[Computer-go] Rules for the Computer Olympiad -- Remote Play

Nick Wedd nick at maproom.co.uk
Mon Sep 19 12:13:35 PDT 2011


On 19/09/2011 19:21, Petr Baudis wrote:
> On Sat, Sep 17, 2011 at 11:33:20AM -0400, steve uurtamo wrote:
>>> I guess the question is what do we want to
>>> identify: the strongest program or the strongest artificial playing
>>> entity?
>>
>> I'm starting to be convinced that there's very little difference. Code
>> isn't generally separable from its hardware, once it has been heavily
>> optimized. This has been discussed on the list before, but I'll just
>> point out that if you want to have a competition between *algorithms*,
>> you'd need a very artificial environment that you might have
>> difficulty getting everyone to agree upon.
>
> I'd like to chip in with a concrete example - relative strength of Fuego
> vs. Pachi seems to heavily depend on the amount of computing power.
> On single CPU, Fuego is much stronger than Pachi, they get about even
> with 4 CPUs and from there on, Pachi scales better and quickly gets
> significantly stronger.  (Details to follow in our ACG13 paper.)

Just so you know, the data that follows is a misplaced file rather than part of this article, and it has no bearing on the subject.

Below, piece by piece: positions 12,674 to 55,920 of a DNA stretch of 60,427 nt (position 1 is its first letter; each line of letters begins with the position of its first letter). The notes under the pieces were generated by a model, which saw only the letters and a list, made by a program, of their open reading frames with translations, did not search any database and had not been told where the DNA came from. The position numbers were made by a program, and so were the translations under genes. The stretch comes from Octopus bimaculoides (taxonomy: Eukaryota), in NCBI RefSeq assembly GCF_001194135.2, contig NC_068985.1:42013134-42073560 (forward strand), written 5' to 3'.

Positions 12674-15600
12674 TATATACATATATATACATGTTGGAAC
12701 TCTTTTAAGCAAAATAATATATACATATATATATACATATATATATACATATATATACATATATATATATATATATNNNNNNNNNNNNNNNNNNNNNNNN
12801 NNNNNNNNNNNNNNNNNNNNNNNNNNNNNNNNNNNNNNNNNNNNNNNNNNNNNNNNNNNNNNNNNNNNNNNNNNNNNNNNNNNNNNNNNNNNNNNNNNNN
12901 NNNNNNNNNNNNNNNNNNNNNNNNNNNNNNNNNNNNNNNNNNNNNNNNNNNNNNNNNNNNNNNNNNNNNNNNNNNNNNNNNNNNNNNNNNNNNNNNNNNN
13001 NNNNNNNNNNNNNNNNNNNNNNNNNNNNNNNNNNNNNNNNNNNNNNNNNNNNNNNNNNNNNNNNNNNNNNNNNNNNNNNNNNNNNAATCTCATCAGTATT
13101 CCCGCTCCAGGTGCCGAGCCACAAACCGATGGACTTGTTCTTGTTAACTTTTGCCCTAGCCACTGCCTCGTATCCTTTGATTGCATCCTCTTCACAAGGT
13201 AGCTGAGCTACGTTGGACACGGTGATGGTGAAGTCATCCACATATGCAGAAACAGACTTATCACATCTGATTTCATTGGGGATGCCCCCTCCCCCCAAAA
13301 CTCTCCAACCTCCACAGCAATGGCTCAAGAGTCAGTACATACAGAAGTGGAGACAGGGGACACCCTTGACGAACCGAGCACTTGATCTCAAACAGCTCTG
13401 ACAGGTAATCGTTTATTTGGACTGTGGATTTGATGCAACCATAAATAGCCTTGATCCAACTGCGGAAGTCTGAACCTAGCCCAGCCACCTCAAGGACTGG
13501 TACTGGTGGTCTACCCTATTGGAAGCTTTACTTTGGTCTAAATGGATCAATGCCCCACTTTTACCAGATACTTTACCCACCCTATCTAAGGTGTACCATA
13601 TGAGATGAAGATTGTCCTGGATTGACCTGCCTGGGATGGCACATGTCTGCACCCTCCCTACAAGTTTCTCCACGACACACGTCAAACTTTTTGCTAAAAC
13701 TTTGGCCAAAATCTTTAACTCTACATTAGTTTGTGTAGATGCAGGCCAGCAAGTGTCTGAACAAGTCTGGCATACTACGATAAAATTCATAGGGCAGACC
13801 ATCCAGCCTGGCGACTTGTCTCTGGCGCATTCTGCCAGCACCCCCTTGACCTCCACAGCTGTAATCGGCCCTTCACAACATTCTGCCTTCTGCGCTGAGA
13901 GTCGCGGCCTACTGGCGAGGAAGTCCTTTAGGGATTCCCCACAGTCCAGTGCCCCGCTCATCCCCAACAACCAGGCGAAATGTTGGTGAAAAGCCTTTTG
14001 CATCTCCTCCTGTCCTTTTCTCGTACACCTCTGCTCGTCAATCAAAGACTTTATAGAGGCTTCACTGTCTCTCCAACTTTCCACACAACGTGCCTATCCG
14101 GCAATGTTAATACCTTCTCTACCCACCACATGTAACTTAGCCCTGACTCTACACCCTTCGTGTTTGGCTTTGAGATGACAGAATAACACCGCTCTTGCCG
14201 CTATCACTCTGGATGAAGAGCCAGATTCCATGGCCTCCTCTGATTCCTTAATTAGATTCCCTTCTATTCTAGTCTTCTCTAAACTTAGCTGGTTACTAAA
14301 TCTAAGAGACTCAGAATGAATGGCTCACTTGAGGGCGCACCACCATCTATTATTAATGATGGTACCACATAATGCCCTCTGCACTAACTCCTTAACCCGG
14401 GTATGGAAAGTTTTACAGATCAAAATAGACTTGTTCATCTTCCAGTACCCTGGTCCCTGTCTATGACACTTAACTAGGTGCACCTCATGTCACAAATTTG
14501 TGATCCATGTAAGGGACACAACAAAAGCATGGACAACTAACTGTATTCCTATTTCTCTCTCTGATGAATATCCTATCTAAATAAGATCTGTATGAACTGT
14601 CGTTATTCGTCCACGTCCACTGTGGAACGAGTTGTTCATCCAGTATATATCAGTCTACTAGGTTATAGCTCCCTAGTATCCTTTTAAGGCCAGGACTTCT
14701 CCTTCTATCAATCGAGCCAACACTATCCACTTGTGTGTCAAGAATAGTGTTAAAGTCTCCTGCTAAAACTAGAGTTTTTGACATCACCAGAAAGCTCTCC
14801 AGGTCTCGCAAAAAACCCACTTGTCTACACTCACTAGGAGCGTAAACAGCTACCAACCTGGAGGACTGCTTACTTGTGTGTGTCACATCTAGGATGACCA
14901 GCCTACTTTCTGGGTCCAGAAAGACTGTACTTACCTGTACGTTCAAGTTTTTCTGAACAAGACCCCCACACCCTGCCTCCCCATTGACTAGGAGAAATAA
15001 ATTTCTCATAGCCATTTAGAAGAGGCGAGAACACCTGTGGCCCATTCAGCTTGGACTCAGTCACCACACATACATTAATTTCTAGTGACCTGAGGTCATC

>
> Of course we could spend a lot of effort on tweaking Pachi to play
> well on lower-end platforms, but I'd rather be looking for the next
> algorithmic breakthrough and be ready for the many-core computers
> of tomorrow. We should think what do we want to measure in the contest.
>
> If no remote play is allowed anyway, I think the playing field should
> be at least set really even by all players using the same hardware
> platform, e.g. like it was done in Tampere. Restricting remote play
> but still allowing for differentiation based on whatever laptop one
> brings in does not make too much sense to me.

My recollection of Tampere is that standard hardware was provided, but 
entrants could bring their own hardware if they wanted.  Indeed one 
entrant did so.

I am not saying that this is a better way, just that it was how we did 
it in Tampere.

Nick
-- 
Nick Wedd
nick at maproom.co.uk



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